The Red and Blue States' Fort Sumter - The American Spectator | USA News and Politics
The Red and Blue States’ Fort Sumter

The opening shot of the War Between the Red and Blue States may have been fired last Friday when the Environmental Protection Administration announced its intention to take over Texas’s authority on issuing clean air permits to new industrial facilities as of January 2.

It is hard to imagine a more stark confrontation between public and private sector-oriented economies. Texas has the strongest economy in the nation, based on its philosophy of limited government. The Texas Legislature convenes only in odd-numbered years is constitutionally limited to meeting only 140 days. Until this year, Texas has had a budget surplus and still has $7.5 billion in a rainy-day fund created by voters in 1988. During 2006 and 2007, Texas created 52 percent of all new jobs in the nation, according to a study done by the Southern Methodist University’s Cox School of Business. People are flocking to the state so fast that Texas will gain four seats in the House of Representatives in the new decade.

Washington, on the other hand, has run up a trillion-dollar budget deficit and destroyed private-sector jobs all over the country while expanding the government and presiding over 10 percent unemployment. The states on the East and West Coast that adhere most closely to Washington’s philosophy are approaching insolvency. Yet they continue to pursue dreamy energy agendas, trying to close down existing power plants and refusing to build new ones while planning for a world running on windmills and solar collectors.

Now Washington is going to try to impose this blue-state agenda on Texas. The struggle will dwarf the Arizona-versus-Washington contest over immigration.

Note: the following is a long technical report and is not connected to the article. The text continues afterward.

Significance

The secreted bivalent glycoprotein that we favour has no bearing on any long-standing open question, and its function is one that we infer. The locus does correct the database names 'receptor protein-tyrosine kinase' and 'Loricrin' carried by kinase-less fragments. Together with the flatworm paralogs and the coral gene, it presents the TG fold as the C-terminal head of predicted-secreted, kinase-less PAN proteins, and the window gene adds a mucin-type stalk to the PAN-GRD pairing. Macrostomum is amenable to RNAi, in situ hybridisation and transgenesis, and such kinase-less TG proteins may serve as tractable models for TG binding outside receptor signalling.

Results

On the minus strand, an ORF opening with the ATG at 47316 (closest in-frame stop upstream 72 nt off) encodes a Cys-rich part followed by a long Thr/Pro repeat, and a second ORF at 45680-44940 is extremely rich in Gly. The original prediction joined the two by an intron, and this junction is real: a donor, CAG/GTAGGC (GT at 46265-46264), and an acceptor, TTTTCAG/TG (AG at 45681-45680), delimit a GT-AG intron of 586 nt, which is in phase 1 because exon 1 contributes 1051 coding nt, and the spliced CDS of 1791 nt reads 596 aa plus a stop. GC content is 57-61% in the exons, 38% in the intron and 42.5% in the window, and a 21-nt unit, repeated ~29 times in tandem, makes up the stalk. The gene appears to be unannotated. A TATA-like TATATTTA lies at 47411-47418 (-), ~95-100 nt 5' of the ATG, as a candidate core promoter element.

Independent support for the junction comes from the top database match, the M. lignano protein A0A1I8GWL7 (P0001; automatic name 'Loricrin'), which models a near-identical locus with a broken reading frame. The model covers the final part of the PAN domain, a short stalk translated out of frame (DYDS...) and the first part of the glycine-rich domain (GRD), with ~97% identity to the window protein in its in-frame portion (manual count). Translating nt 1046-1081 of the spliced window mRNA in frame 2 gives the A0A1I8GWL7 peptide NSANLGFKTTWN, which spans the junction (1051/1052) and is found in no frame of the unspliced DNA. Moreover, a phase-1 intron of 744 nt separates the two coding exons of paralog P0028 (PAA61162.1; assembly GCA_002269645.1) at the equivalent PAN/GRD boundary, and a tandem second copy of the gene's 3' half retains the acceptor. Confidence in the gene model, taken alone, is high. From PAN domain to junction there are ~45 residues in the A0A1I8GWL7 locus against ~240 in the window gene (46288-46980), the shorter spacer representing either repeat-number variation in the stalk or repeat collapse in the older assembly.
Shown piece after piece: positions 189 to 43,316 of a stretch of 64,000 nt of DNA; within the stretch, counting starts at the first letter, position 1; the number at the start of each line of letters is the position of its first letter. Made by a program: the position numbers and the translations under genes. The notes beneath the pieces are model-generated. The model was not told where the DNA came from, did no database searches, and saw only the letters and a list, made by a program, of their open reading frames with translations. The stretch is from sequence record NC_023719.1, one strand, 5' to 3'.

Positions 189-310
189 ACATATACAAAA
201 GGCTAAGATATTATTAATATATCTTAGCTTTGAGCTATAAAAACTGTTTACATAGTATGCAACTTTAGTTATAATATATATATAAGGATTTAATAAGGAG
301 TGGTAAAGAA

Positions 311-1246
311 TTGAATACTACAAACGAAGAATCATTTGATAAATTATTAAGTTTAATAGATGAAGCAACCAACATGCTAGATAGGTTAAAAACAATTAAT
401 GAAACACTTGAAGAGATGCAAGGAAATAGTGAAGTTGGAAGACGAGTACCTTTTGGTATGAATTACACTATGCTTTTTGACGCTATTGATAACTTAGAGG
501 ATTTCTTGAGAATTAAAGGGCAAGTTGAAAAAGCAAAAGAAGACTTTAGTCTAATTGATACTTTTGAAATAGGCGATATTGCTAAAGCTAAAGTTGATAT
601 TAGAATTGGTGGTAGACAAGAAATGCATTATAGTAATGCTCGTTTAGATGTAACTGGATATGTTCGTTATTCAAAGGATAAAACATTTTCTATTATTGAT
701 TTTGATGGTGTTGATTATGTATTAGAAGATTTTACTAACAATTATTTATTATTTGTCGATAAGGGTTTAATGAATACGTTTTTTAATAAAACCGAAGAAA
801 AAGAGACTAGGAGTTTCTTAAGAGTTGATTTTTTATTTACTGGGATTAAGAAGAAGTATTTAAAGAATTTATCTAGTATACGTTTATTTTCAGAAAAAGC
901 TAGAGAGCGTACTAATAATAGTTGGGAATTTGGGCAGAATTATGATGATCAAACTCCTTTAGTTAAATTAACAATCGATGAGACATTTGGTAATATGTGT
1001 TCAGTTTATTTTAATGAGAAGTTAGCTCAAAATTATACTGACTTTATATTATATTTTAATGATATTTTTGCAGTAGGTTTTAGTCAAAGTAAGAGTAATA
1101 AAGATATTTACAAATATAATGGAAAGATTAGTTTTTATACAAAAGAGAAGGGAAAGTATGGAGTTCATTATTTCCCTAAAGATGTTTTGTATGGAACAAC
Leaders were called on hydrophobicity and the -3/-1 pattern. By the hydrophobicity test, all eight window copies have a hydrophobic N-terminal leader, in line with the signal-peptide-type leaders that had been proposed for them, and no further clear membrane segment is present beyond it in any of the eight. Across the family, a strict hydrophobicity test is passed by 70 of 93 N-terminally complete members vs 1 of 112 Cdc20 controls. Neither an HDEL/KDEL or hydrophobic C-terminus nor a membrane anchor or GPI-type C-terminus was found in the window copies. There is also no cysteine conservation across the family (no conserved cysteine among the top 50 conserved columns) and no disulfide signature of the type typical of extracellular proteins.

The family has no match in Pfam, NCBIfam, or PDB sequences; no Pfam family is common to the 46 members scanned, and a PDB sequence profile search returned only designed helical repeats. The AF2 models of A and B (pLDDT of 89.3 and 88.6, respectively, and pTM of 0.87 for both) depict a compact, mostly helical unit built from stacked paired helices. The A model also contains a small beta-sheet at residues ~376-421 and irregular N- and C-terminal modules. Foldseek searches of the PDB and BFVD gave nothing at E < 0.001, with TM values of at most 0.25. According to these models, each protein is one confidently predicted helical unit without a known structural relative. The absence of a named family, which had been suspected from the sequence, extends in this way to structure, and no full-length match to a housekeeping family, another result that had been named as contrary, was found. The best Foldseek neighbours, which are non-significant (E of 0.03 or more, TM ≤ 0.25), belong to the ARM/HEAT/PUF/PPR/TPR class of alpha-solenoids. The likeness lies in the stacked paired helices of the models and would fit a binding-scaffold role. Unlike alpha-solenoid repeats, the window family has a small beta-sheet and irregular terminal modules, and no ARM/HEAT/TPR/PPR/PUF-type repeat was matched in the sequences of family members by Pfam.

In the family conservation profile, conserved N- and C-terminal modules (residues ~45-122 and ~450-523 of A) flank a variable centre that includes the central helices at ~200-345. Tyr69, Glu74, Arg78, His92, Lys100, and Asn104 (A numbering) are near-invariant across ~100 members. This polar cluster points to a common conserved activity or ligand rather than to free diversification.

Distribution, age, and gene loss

In fact the conflict over energy production has been brewing for decades. As far back as the 1920s, Texan entrepreneurs built natural gas pipelines to carry their surplus gas north, only to run into Progressive Era reforms saying that utilities had to be regulated as “natural monopolies.” In 1936, the Roosevelt Administration extended this municipal regulation back to the gas pipelines themselves, giving the Federal Power Commission authority to fix prices across the country. Then after endless prodding from northern consumer states, the U.S. Supreme Court finally decided in 1954 that the whole diversified collection of thousands of wildcatters and individual well owners in Texas and Louisiana constituted a “monopoly” that could be regulated by the federal government. Over the next twenty years, the D.C. Court of Appeals tried every trick imaginable to prod gas out of its Texas owners’ hands. It developed the “life of the field” doctrine saying once gas had been put into interstate commerce it could not be withdrawn. Even if a well owner went bankrupt, he was still obliged to keep sending gas to northern consumers at prices fixed by federal regulators. Still, Texas managed to keep as much gas as possible at home. When the Arab Oil Boycott prompted thousands of northern businesses and residences to convert from oil to gas, the whole system collapsed in the Natural Gas Crisis of 1976, when factories and schools closed for weeks in Ohio and Pennsylvania for lack of gas. Meanwhile Texas was using gas to generate half its electricity. The Carter Administration was appalled to discover these distortions but decided to solve them in typical fashion by extending federal price controls even further into Texas as well. Bumper stickers sprouted all over Texas and Louisiana declaring “Let the Yankees Freeze in the Dark.”